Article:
FORT KNOX, Ky.— According to the Situational Training Exercise, you must crawl before you walk. 10th Regiment, Advanced Camp Cadets crawled through their STX Lanes this morning July 31, 2018.
During the crawl phase of FTX, the Cadets are led through situational training by their Cadre.
Cadet Brandon Hummel, Pennsylvania State University, solidifies the importance of STX during Cadet Summer Training.
“This is the meat and potatoes of what the Army does really, there’s a lot of behind the scenes stuff, but this is the front line stuff,” he continued, “no matter if you go infantry or not, you need to understand this part of the Army and what we do.”
Hummel explains the significance of being directed and advised by Cadre that have experience in the field.
“They walk us through different missions and scenarios that we’re going to have to lead on our own soon, it’s good practice for us and they have a lot of good information to give us,” he said, “they have so much knowledge, so listening to what they say and hearing their experiences is really important and really helps us understand why we do things, not just what we do.”
Sgt. 1st Class Erik Adams leads the Cadets through their STX Lanes and gives them helpful advice along the way.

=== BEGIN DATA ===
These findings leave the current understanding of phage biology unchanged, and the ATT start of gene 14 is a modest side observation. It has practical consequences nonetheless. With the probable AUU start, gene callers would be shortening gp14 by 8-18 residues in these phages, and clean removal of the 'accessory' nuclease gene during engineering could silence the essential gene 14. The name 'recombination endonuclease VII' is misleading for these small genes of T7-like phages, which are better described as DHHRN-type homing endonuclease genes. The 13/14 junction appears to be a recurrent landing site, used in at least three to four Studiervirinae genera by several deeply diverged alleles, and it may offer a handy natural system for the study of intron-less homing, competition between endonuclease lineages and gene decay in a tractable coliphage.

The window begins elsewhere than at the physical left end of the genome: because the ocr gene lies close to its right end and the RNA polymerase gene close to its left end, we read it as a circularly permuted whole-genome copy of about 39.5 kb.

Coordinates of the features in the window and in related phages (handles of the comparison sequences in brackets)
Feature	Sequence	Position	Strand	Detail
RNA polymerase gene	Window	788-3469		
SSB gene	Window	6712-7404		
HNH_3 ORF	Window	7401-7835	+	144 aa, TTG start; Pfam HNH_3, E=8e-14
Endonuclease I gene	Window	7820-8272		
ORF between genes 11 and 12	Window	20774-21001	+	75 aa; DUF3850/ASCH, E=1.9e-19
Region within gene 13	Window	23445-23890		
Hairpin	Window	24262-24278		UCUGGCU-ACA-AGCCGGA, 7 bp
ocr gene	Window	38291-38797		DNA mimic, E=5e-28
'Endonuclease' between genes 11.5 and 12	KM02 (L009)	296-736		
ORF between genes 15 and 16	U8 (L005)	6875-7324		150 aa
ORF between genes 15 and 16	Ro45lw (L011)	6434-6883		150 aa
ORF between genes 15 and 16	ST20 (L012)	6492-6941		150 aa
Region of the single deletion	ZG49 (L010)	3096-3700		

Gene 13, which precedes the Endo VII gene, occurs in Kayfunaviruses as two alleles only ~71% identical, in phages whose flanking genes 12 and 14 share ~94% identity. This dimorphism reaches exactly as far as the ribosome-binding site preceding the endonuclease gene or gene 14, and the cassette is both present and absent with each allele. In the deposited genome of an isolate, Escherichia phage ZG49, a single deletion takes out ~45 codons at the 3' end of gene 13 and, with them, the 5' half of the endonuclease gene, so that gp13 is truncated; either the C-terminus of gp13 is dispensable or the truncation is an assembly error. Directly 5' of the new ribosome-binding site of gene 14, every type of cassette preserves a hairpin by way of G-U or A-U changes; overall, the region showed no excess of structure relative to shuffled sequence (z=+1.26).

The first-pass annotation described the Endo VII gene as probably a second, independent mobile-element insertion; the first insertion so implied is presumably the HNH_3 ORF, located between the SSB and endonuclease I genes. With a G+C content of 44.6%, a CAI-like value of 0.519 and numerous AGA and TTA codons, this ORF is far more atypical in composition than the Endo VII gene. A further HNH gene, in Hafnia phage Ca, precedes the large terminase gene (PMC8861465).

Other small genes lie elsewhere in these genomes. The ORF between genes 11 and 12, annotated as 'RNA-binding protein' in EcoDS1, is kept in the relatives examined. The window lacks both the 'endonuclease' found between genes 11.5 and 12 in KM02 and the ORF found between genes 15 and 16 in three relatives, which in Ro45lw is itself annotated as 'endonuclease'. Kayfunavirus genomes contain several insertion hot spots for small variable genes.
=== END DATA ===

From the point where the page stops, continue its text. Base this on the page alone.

Adams breaks down the logistics and the purpose of STX for Cadets.
“The purpose of the Situational Training Exercise is to put a Cadet in a situation that they may see in real life and to give them the experience base so if they do identify, or encounter that on an operation, they will know how to handle it.”
Adams reiterates the key elements for a Cadet to be successful during an STX.
“Coming in with an open mind is one of the best things you can do, every single program tends to train a little differently on each of these different missions,” he continues, “so coming in understanding that you’re going to learn some things is usually the best approach.”
Certain obstacles like weather can gravely affect Cadets moods and morale throughout the STX Lanes.
After a few rainy days in the field, Cadet Anna Barnes, Virginia Commonwealth University, relies on her positivity to get her through her training exercises.
“Especially in situations like this, if one person is negative, it spreads like a sickness,” she explains, “empathize with what everyone is going through, but be ready to not get stuck in that rut, because if you get stuck in a rut filled with negativity, it will filter throughout your whole platoon.”
Barnes believes that positivity is one of the only ways to persevere through bad weather and low morale.
“I think you just kind of have to smile through it, I know it’s super cheesy but unless you ‘embrace the suck’, it’s going to suck” she says with a smile on her face, “if the weather is bad and you’re complaining about the weather, everyone is going through these things, it’s just about the way you approach it.”